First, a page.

EU Publishes Draft Withdrawal Agreement

Cooley Alert
March 2, 2018


The European Union Trade Mark (EUTM) is a single trade mark that applies in all 28 Member States of the EU, including the UK. In a referendum in June 2016, the UK voted to leave the EU. When the UK leaves the EU, the EUTM (and other EU rights such as the Community Design Rights) will cease to apply in the UK.

On 28 February 2018, the European Commission published its Draft Withdrawal Agreement setting out the proposed terms for the withdrawal of the UK from the EU.

The Agreement includes provision for a "transitional period" during which EU laws (including relating to intellectual property) would continue to apply in the UK. The transitional period would run until 31 December 2020.

Withdrawal agreement and intellectual property

Articles 50-57 of the Draft Withdrawal Agreement include provisions dealing with intellectual property – notably covering the future interrelationship between EUTMs and United Kingdom Trade Marks (UKTMs). The Agreement also deals with other forms of EU intellectual property, notably designs.

The EUTM currently extends to the UK and, although a UKTM cannot prevent use of that sign outside the UK, it can be used to form the basis of a EUTM opposition at the European Union Intellectual Property Office (EUIPO).

Trade marks

In relation to trade marks, the Draft Withdrawal Agreement provides that:

  • The holder of an EUTM which was registered at the EUIPO before the end of the transition period (31 December 2020) shall, without any re-examination at the United Kingdom Intellectual Property Office (UKIPO) become the holder of UKTM consisting of the same sign, for the same goods and services.
  • This conversion of any EUTM will happen automatically using the data available to the EUIPO; the trade mark holder will not need to apply to the UKIPO and the UKIPO will charge no fees for the registration of the converted right.
  • A UKTM arising from this process shall:
    • enjoy the same filing, priority and renewal dates as its "parent" EUTM;
    • not be liable to revocation for non-use due to a failure to use the mark in the UK prior to 31 December 2020 (provided that it has been put to "genuine use" elsewhere in the EU by this date); and
    • will benefit from the reputation of the EUTM in the EU.
  • Where an International Registration has designated the EU pursuant to the Madrid system before 31 December 2020, it will enjoy the same protection in the UK from 1 January 2021.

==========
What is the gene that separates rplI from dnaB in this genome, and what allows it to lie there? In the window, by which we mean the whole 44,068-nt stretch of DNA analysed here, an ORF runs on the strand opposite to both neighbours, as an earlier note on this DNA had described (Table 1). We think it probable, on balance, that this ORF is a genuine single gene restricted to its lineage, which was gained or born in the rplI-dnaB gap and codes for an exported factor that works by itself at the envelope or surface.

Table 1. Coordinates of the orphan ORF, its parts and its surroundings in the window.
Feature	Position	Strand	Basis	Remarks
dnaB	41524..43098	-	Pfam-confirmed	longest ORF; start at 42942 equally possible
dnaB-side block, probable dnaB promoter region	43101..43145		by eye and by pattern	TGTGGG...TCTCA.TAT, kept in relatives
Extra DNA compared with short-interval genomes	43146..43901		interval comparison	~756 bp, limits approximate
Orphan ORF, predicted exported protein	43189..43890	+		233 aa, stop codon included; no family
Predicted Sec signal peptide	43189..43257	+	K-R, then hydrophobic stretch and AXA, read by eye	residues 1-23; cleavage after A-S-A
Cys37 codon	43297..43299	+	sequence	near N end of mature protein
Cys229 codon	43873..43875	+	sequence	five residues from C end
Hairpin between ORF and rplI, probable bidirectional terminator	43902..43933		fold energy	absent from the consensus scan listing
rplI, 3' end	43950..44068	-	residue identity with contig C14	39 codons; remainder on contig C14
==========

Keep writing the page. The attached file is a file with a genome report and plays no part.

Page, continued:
The Draft Withdrawal Agreement sets out comparative protection in the UK for Registered Community Designs (RCD):

  • As with EUTMs, the holder of an RCD which was registered at the EUIPO before 31 December 2020, shall at that date, automatically become the holder of a UK Registered Design for the same design.
  • This conversion will not require an application on the part of the holder of the RCD and again, the UKIPO will not charge a fee for the registration of the converted right.
  • A UK Registered Design created by this process shall have:
    • a term of protection at least equal to that remaining under the RCD; and
    • the same filing, priority and renewal dates as the RCD.


It is unlikely that the UK Government will see Intellectual Property as a significant issue in the context of the many significant issues relating to the UK leaving the EU. We do not therefore anticipate that the UK Government will spend any significant time seeking to amend any of the provisions relating to IP. Therefore, if the Withdrawal Agreement is signed by the UK government, we expect the provisions on IP to remain unaltered.

Following the Brexit vote we have advised our clients to file UK national applications in addition to any EUTMs. As there remains some risk that the UK will leave the EU without any final agreement with the EU, our advice remains that clients should consider filing important new marks in the UK alongside EUTM applications.

However, the draft Withdrawal Agreement provides significant comfort to owners of EUTMs who can now expect their EUTMs to continue to be recognised in the UK without the need for a time consuming and costly conversion process.

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